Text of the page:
I have been given statistics showing the success rate of many of the individuals involved, in terms of scholastic achievement. I will see what I can do to bring back that information.

I visited the centre a couple of months ago for Christmas dinner. There is no question but that it was crowded. There seemed to be enthusiastic support from a lot of volunteer parents who were there. As well, the people actually using it - the clients themselves - appeared to be enthusiastic about the assistance they were getting and the fact that they would be moving into a new facility.

The actual statistics that I am aware of are some kind of tracking of how these people are doing. I suppose one performance measurement would be how many of these young mothers have gone on to complete their education, at least at the high school level.

Mrs. Firth: I would be very interested in receiving the statistics. I do not know if they will answer my questions, or if they will fulfill the government's desire to present a true evaluation about how the program is working.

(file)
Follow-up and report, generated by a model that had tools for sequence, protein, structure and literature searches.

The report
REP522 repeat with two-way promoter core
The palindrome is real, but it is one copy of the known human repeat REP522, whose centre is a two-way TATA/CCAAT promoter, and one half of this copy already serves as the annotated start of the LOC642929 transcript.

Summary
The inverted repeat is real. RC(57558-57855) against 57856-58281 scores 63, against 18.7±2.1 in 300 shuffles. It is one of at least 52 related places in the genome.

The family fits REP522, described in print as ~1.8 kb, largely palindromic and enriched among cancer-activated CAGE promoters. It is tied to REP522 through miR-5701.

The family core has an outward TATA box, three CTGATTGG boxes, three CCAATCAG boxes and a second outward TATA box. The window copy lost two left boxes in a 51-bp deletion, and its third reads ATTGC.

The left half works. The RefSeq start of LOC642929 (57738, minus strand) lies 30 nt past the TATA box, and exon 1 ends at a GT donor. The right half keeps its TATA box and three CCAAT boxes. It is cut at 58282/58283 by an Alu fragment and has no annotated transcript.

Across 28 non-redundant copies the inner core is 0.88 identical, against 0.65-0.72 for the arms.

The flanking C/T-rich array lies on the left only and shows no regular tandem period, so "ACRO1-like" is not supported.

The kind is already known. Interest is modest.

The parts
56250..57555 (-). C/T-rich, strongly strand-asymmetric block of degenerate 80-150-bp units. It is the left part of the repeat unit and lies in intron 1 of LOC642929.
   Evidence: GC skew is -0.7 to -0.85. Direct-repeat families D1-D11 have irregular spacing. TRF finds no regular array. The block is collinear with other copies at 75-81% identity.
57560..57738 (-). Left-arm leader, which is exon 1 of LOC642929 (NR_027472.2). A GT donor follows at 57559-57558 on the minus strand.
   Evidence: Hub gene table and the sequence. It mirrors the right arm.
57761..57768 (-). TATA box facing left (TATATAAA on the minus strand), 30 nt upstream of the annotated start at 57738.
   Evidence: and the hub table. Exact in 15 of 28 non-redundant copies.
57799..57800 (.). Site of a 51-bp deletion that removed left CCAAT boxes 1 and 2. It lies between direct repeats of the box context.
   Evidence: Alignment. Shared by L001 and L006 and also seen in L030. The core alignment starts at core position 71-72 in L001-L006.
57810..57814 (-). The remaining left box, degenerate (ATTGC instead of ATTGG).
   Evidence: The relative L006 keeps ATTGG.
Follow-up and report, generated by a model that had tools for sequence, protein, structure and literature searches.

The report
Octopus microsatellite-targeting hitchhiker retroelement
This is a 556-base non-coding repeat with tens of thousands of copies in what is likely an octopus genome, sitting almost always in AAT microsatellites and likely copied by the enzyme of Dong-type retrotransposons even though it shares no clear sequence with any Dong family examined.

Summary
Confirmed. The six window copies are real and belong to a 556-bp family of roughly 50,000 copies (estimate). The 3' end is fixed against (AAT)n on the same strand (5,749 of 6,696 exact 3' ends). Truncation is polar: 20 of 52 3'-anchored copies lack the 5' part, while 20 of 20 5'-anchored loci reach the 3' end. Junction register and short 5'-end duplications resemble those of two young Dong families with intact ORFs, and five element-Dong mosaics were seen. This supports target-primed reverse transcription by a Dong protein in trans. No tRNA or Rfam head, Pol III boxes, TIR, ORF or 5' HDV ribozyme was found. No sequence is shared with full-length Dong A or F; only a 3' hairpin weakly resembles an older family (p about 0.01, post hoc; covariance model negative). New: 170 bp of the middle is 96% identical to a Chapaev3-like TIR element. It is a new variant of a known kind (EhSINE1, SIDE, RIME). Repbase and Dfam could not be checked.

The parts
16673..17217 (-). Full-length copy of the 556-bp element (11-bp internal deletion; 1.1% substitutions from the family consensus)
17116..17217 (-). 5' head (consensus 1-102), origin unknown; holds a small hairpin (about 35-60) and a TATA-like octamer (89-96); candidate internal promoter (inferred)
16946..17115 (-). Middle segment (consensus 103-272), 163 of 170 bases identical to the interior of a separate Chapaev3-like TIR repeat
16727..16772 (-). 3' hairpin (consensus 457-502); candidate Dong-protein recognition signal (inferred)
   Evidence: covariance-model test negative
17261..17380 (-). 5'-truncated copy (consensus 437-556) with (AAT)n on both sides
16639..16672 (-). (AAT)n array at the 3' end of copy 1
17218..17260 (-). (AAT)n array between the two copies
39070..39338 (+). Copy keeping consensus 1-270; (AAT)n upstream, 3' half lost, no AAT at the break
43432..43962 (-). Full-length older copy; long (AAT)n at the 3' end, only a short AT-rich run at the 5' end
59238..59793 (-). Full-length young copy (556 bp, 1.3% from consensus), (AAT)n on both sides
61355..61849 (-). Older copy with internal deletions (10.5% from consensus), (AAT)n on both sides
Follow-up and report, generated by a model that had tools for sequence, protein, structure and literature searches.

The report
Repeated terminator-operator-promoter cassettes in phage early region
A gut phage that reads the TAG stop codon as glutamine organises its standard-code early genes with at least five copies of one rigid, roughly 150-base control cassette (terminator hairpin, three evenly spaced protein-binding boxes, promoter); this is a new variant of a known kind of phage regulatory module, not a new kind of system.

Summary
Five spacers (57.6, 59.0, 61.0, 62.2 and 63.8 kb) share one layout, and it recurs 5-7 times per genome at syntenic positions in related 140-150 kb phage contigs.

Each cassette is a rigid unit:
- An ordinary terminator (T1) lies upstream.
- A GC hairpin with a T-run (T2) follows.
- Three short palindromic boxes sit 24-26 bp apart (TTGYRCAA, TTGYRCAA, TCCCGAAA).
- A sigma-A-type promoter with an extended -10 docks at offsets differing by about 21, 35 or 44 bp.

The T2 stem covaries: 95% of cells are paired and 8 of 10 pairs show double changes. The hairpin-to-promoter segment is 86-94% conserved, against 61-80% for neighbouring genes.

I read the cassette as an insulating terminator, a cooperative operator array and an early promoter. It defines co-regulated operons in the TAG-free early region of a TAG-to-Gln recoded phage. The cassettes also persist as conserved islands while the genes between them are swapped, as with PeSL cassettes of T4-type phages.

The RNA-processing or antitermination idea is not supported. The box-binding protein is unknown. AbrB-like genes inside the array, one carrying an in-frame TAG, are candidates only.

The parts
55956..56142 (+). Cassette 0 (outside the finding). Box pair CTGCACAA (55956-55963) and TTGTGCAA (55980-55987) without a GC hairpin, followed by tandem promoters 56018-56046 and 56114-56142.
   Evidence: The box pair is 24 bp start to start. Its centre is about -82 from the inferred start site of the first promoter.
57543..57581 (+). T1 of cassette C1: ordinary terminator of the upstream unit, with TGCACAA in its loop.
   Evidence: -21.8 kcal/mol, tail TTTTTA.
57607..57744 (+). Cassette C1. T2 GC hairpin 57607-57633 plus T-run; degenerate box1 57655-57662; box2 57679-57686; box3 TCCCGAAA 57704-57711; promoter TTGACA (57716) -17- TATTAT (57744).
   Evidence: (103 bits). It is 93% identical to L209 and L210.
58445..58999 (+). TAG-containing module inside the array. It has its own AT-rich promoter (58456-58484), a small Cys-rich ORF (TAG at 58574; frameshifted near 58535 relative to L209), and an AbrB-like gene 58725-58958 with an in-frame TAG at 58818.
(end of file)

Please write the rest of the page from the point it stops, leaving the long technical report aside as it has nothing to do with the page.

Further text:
I am concerned about what the original goals and objectives of the program were and whether or not we are being successful in meeting those goals and objectives. We are making a larger facility and putting more money toward it, and the program is growing. I would hope that teenage pregnancy would be decreasing, but when I speak with professionals about this, they tell me it is in fact increasing. This is an issue we have to be aware of as legislators.

I would like to know if there has been an evaluation done by the department and if it is available to us. If not, I would appreciate receiving the statistics, and perhaps I could form my own conclusions. Perhaps the Minister would be able to bring more information back about that.

Hon. Mr. Phelps: I will bring back what I can. I would like to emphasize that the facility and what they are doing there is consistent with the direction we are taking in social assistance reform: the training and encouragement of single parents to get back into the workforce. There is an increased financial commitment there.

It seems to me that if a reasonable percentage of these young people are able to carry on and complete their high school education, it is a meaningful step going on to either a job or higher education.